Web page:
Blame it injuries. Blame it on Belichick. Blame it on whatever.

I'll blame it on the most memorable first two touches in Patriots history. It was only downhill from there.

Rich Levine's column runs each Monday, Wednesday and Friday on CSNNE.com. Rich can be reached at rlevine@comcastsportsnet.com. Follow Rich on Twitter at http:twitter.comrlevine33

HOFer Joe Morgan's letter urges voters to keep steroid users out of Hall

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HOFer Joe Morgan's letter urges voters to keep steroid users out of Hall

Hall of Fame second baseman Joe Morgan is urging voters to keep “known steroid users” out of Cooperstown.

A day after the Hall revealed its 33-man ballot for the 2018 class, the 74-year-old Morgan argued against the inclusion of players implicated during baseball’s steroid era in a letter to voters with the Baseball Writers’ Association of America. The letter from the vice chairman of the Hall’s board of directors was sent Tuesday using a Hall email address.

Read the full text of Morgan's letter here. 

“Steroid users don’t belong here,” Morgan wrote. “What they did shouldn’t be accepted. Times shouldn’t change for the worse.”

Hall voters have been wrestling with the issue of performance-enhancing drugs for several years. Baseball held a survey drug test in 2003 and the sport began testing for banned steroids the following year with penalties. Accusations connected to some of the candidates for the Hall vary in strength from allegations with no evidence to positive tests that caused suspensions.

About 430 ballots are being sent to voters, who must have been members of the BBWAA for 10 consecutive years, and a player needs at least 75 percent for election. Ballots are due by Dec. 31 and results will be announced Jan. 24.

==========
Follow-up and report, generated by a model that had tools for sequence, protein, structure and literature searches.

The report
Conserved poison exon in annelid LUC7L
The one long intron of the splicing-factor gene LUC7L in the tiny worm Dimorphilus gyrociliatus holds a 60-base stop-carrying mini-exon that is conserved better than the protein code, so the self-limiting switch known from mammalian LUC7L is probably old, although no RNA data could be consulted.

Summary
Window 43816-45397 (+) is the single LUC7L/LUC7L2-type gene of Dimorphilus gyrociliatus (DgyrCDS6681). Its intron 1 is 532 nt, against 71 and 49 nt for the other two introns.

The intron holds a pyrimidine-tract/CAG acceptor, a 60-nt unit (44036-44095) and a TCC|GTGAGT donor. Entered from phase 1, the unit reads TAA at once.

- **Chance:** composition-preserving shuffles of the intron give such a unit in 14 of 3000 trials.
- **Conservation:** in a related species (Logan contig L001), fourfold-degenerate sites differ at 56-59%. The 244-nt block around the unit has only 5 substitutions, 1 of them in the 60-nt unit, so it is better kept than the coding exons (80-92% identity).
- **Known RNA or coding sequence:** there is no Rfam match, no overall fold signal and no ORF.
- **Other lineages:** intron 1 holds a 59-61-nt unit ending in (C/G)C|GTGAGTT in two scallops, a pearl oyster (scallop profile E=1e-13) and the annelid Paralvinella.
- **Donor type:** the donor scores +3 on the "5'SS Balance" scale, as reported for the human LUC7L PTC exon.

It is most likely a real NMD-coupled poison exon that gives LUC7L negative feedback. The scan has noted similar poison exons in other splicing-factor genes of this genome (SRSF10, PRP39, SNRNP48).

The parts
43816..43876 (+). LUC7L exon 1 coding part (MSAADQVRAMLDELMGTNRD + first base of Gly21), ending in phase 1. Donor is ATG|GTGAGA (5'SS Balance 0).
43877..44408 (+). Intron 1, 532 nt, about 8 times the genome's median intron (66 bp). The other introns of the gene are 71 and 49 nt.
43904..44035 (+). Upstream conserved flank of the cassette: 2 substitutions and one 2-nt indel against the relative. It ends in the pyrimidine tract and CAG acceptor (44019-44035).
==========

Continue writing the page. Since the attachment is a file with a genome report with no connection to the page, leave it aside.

Writers who had not been covering the game for more than a decade were eliminated from the rolls in 2015, creating a younger electorate that has shown more willingness to vote for players tainted by accusations of steroid use. Barry Bonds and Roger Clemens each received a majority of votes for the first time in 2017 in their fifth year on the ballot.

Morgan said he isn’t speaking for every Hall of Famer, but many of them feel the same way that he does.

“Players who failed drug tests, admitted using steroids, or were identified as users in Major League Baseball’s investigation into steroid abuse, known as the Mitchell Report, should not get in,” Morgan wrote. “Those are the three criteria that many of the players and I think are right.”

Jeff Bagwell, Tim Raines and Ivan Rodriguez were inducted into the Hall of Fame in July. They were joined by former Commissioner Bud Selig and retired Kansas City and Atlanta executive John Schuerholz, who were voted in by a veterans committee.

Some baseball writers said the election of Selig, who presided over the steroids era, influenced their view of whether tainted stars should gain entry to the Hall.